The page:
Sunday, April 29, 2012

Frog n Snail

Frog n Snail is a beautiful, comfortable restaurant with roomy, gorgeous wood tables and terrific lighting that creates a simultaneously romantic, fun and practical ambience.  The staff were enthusiastic and friendly, and there were some delicious bites of food too.  So I hope that the missteps and bland dishes that stand out more in my mind right now were just new-restaurant kinks that will be worked out.

The best dish might have been the simplest: mussels cooked in a creamless, intensely citric and garlicky broth finished with absinthe and plenty of butter were the kind of dish you plan to share with companions, then subconsciously forget until they’re all gone.  Almost as good, the lyonnaise salad proved that in the deft hand of a chef who understand how to use it judiciously, black truffle oil can lend great complexity to a balanced, acidic dressing. Lardons, a runny poached egg on top and terrific French fries underneath make this a salad you might skip if you’re prepping, as a fair number of the beefy, skin-tight-shirt-wearing Frog n Snail clientele may have been, to participate in the Friday night shower show at Spin a couple of blocks away.

Unfortunately, my first bite of the night was a disastrous one.  The sweet pea risotto was woefully crunchy and chalky, having been either substantially undercooked or cooked too far in advance, allowed to dry out, and reheated improperly.  Restaurant risotto is often inferior to home cooked risotto on account of it being impractical for a restaurant cook on a busy weekend night to stir constantly while patiently adding liquid a little at time for 25 minutes, but there are techniques that manage this challenge while producing results far better than Frog n Snail’s.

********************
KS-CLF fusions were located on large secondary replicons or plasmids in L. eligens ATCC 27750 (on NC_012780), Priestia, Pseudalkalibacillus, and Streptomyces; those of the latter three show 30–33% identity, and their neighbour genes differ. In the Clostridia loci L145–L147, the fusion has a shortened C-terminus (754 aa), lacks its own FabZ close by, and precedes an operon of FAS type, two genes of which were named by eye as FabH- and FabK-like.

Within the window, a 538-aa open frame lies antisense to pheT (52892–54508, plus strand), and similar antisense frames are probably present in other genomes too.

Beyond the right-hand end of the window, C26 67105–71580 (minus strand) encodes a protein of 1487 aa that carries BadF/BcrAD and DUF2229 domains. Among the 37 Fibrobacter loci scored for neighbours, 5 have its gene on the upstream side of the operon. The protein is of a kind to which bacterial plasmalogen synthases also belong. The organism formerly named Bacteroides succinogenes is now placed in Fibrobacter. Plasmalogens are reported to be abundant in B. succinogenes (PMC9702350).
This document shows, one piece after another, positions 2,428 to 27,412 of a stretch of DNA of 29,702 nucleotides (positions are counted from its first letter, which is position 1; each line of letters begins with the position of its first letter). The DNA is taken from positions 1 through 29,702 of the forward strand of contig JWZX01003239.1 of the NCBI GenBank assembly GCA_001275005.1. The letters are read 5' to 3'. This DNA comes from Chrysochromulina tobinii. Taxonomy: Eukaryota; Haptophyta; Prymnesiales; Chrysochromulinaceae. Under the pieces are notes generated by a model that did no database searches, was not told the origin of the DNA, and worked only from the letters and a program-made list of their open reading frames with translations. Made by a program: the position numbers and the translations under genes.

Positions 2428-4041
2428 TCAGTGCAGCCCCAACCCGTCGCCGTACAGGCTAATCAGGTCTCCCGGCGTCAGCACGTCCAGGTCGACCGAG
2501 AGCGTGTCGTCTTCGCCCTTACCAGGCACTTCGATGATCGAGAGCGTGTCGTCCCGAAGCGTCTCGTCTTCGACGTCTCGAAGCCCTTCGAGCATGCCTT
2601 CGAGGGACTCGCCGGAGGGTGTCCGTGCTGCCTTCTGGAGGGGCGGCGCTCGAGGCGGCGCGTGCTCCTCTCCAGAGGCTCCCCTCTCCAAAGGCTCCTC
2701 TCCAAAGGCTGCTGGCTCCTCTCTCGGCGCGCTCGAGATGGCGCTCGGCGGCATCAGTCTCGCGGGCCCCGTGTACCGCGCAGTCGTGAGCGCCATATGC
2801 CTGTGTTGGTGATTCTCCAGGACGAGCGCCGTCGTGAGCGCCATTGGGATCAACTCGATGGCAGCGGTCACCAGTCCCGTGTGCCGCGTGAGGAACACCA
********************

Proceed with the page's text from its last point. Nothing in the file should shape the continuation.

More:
The rest of the meal sat mostly in the middle of the mussels high and the risotto low.  A namesake dish of crisp, beautifully cooked frogs legs and minerally snails in a green peppercorn sauce showed excellent technique, but it was underseasoned and the frogs legs themselves were in especially desperate need of salt.  The broth in the French onion soup seemed too light in color and flavor, though some terrific, sweet spring peas lifted it, so maybe a certain light spring-ness was what the kitchen was going for with this traditionally rich, dark dish.  Two fish preparations – barramundi and trout – were good, though each seemed unfocused, with at least one too many ingredients.

For now Frog n Snail is byob, but a bartender said that will be changing soon with a cocktail list that he assured me would include “a lot of really awesome martinis”.  That, combined with the mixed bag of dishes, a well-meaning, hard working server who had no idea how to explain the word barigoule on the menu, and Spin shower show days that have long passed, left me doubtful that this will prove to be more than a very occasional spot for me.

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